5. Be friends with everybody. Charles seems to have a knack for getting along with people. Some people, notably the Boleyns, did not like him, but that was based mainly on jealously because of his close relationship with the king. Other than situations like that, he got along very well with most people. Gunn thinks he cultivated and practiced this ability.

6. Have a talent the king needs. Henry VIII had a very good eye for spotting talent and putting people in positions to use their talent to further his own reign. Gunn believes Charles’s main talent was military command. He was considered an excellent leader and was especially good at making divergent elements of the military follow him.

7. Marry well. Charles married Henry’s sister, Mary, the Dowager Queen of France. You can’t marry any better than that. The details of the match are a bit murky, but it was clearly a love match, neither being forced into it. In the eyes of the church, that marriage made Henry and Charles brothers.

8. Build up your land and your wealth. This Charles set about doing very assiduously the entire time he was a duke.

And finally, 9. Display power. This involved making sure you looked the part you aspired to, including have the proper clothes, servants, manors, etc. Again, Charles did this very well, though he doesn’t seem to have been interested in wealth for its own sake.

I can’t say I really learned anything new about Charles Brandon that I wasn’t aware of before. But I have spent years studying him, so I didn’t really expect to. Gunn made some very minor errors during the lecture, but I think those were done in the interests of expediency, so I won’t fault him for that. And it was a treat hearing somebody else’s take on a person I have been studying for so long.

After the lecture I had the opportunity to talk to with Gunn and asked him to autograph my copy of his book on Brandon, now out of print. He seemed delighted to be asked for an autograph and willingly signed it. I told him how difficult it was to obtain a copy of the book, and how ridiculously priced they were on the net. He was unaware of this and said he was going to check into it. I think he’s at the mercy of his publisher — much as Alison Weir is — but it would be nice if they reissued it. I hope he can talk them into it.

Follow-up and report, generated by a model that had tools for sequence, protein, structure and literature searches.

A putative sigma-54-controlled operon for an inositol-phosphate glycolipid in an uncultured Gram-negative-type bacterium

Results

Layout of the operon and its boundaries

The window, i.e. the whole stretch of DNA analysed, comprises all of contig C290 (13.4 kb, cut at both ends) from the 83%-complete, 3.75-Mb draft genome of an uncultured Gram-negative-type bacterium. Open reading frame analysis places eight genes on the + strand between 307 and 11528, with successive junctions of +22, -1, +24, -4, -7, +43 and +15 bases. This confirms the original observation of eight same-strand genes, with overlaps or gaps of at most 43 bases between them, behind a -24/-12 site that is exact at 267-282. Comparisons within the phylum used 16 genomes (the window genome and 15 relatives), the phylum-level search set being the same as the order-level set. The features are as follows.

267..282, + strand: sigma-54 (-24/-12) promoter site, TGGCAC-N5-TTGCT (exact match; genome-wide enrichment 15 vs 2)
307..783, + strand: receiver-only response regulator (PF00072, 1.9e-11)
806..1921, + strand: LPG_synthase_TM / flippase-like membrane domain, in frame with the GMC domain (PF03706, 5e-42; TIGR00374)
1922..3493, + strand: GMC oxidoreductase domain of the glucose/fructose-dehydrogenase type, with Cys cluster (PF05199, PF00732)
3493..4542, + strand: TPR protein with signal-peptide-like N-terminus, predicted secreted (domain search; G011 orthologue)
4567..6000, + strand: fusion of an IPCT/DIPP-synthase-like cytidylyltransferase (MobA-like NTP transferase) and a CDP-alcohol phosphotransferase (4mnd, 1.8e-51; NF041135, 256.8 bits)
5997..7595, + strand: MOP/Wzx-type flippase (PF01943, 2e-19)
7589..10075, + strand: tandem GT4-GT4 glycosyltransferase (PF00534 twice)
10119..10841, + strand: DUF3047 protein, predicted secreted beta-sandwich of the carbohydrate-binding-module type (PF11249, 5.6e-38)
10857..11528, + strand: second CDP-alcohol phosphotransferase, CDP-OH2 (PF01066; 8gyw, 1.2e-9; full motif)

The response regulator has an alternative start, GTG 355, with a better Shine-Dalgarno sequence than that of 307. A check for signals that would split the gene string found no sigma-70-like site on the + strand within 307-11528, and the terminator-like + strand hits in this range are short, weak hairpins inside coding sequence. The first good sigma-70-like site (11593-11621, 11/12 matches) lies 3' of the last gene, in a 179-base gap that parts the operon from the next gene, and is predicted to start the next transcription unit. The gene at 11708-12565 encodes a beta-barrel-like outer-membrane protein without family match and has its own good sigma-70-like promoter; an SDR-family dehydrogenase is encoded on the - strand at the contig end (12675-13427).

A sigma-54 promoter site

In return for the autograph, I offered him a bit of information I didn’t think he knew, mainly because nobody seems to have noticed this before except me: the date of Charles Brandon’s death, August 22, 1545, was the 60th anniversary of the Battle of Bosworth. Gunn looked absolutely stunned and said slowly, “You know, I do believe you are right!”

We then retired for coffee to an adjoining room — the same room that Henry VIII occupied when he was at the Old Hall in 1541! I would love to have talked to Steven Gunn some more but decided I really shouldn’t be monopolize him. I ended up talking to the vicar of the nearby All Saints Church. I had seen the church on the way into the Old Hall and wondered if that was the church Henry would have attended when he stayed in Gainsborough. The vicar says unfortunately it isn’t the same one as several have built on the site over the years. Henry would certainly have attended whichever one was there at the time though. The vicar did mention other interesting item. The original church from back in the Middle Ages was built by Templar Knights, so it would have been round. I think they should get Time Team in to look for that one and to see if they can find any remains from the Tudor era as well.

After that, the lovely evening ended, and Marilyn and her friend Joy drove me safely back to Lincoln. I am profoundly grateful to them and to all the Tudor fans (most of them from this site!) who took me under their wing while I was in England, making sure I didn’t get lost on the train system, getting me into places that tourists normally don’t see, and just being there for scintillating Tudor conversation. It was definitely Pastime With Good Companye.

Emmy nominations for “The Tudors”

Yeah, I know these were announced a few days ago, but I’m just now getting around to posting them.

Congrats to the crew of “The Tudors” for the following Emmy nominations:

* Outstanding Art Direction For A Single-Camera Series
* Outstanding Casting For A Drama Series